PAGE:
3-0 out of 5 stars Superseded by Willcock's work
I have a great sentimental attachment to Benner's Selections, as it was with this textbook that I first read Homer in Greek.I loved the selections, etc.!

However, as students have later come to me with their Homer reading projects, I've placed this side-by-side with the notes in M.M. Willcock's "Iliad of Homer: Books I-XII" and "Iliad of Homer: Books XIII-XXIV," and it just doesn't measure up.Willcock's work is fresher (1978/1984 vs. 1903), and he gives better and fuller help with Homer's language.(Also, he happens to be the more sensitive reader of Homer's poetry.)

If there's a reason to stick with Benner, it's that it's cheaper and gives excellently chosen selections (grammar overview + text + notes) in one volume, as opposed to Willcock's two-volume format covering the entire Iliad.Also, you've just got to love a book (=Benner) that begins, "This edition of the Iliad includes the books commonly required for admission to American colleges..."Also, Benner has a wonderfully written and complete glossary in the back, whereas with Willcock you need also to buy a good Homer lexicon (that is, Cunliffe's "Lexicon of the Homeric Dialect," which is much better than Autenrieth's brief work IMHO).

4-0 out of 5 stars An Excellent Intermediate-level Text
This text is probably the best choice for those who have spent a year learning the basics of Homeric (or Attic) Greek and want to experience some payoff for all the hours spent conjugating second aorists and declining endless varieties of third-declension nouns. The selections consist of long excerpts (five books of the Iliad are included in their totality) of the best parts of the Iliad. As a whole, the selections comprise a sort of "Essential Iliad" inasmuch as they convey the scope of the entire poem from the wrath of Achilles to the burial of Hector.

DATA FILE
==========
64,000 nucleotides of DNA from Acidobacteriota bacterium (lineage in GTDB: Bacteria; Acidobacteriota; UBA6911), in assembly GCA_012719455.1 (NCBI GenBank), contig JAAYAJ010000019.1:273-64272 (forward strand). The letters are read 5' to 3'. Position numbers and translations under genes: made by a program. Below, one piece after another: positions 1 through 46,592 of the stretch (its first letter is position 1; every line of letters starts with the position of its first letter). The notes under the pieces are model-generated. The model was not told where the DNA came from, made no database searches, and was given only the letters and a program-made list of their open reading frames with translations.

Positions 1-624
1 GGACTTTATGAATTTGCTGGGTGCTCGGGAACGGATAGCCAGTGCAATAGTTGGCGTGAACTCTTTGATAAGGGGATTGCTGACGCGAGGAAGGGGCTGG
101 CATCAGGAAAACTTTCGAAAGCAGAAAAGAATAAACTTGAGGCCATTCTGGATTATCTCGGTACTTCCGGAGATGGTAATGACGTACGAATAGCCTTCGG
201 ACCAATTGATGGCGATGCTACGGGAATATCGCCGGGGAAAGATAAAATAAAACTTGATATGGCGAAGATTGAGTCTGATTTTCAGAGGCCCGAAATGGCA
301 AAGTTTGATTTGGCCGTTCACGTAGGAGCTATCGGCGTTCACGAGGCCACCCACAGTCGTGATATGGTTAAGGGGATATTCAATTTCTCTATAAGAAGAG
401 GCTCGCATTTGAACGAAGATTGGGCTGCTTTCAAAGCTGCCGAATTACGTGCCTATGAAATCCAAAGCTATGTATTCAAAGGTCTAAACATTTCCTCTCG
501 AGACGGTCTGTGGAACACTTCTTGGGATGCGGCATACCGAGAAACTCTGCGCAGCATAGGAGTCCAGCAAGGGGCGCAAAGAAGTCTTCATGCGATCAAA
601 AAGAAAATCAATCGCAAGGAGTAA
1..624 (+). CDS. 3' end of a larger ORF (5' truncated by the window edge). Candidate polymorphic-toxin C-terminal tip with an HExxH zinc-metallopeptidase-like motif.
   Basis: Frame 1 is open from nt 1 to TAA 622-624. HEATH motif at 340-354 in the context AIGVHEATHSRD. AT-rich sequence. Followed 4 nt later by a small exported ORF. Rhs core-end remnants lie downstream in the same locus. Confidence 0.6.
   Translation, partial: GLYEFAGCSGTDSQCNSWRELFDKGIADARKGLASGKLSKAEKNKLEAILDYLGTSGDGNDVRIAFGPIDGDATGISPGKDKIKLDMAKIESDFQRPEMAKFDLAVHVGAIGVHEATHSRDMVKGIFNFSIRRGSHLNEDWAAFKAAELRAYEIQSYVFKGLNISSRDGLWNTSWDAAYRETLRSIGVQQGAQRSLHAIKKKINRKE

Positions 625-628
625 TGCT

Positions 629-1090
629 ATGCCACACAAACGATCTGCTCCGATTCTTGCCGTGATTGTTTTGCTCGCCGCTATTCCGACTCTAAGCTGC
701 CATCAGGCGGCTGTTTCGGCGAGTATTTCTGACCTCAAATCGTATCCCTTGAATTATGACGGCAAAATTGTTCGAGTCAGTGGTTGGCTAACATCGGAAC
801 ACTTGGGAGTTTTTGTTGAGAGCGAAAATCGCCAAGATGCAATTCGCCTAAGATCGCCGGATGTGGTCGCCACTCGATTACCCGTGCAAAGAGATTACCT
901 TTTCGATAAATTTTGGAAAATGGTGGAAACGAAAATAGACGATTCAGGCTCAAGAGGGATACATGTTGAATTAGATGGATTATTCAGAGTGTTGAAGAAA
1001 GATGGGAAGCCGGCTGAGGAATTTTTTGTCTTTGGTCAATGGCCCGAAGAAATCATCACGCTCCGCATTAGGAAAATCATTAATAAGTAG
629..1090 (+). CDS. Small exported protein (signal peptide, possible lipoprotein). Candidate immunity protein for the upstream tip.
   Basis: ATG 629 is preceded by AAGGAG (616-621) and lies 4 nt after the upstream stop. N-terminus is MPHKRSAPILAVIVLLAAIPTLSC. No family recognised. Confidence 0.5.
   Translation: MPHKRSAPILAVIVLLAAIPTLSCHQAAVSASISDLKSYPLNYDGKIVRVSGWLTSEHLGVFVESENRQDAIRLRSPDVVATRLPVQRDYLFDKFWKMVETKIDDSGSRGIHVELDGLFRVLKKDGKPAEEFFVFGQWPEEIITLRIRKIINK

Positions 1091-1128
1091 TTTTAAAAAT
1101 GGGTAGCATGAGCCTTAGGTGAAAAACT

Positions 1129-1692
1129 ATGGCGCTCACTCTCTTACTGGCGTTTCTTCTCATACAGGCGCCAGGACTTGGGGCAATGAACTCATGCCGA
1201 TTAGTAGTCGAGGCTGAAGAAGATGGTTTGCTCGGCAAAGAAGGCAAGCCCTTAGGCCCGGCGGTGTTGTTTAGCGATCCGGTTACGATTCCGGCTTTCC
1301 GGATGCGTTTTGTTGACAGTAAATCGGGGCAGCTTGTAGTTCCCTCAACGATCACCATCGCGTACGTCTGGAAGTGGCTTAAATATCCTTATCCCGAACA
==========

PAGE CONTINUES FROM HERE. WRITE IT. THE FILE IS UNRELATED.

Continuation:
My only gripe with the editors' choice of what to include is with the omission of Hera's deception of Zeus.

Along with the selections is a commentary which helps elucidate those words and phrases here and there that are likely to cause the relative beginner trouble in construing the sense. In general, the commentary is quite good, though it does let the reader down from time to time. It won't, for example, explain to you what the connective particle in line 8 of Book One means even though no beginner will know what to make of it. Thus, a bit more help could have been given, particularly in the area of particles.

In addition to the commentary, there is a vocabulary comprising all the words used in the excerpts. This is a real bonus, since rifling through big lexicons can be tedious, particularly for a relative beginner. Also, all hapax legomena (words used only once) are listed at the bottom of every page of text.

All in all, then, Benner's Selections From The Iliad is a must-have for those who want to expand upon an elementary understanding of Homeric Greek. ... Read more

Isbn: 0806133635
Sales Rank: 288205
Subjects:  1. Achilles (Greek mythology)    2. Ancient and Classical    3. Ancient, Classical & Medieval    4. Greek Literature    5. Greek language    6. Literary Criticism    7. Literature: Classics    8. Poetry    9. Readers    10. Trojan War   


Iliad, Book 1
by Pamela Ann Draper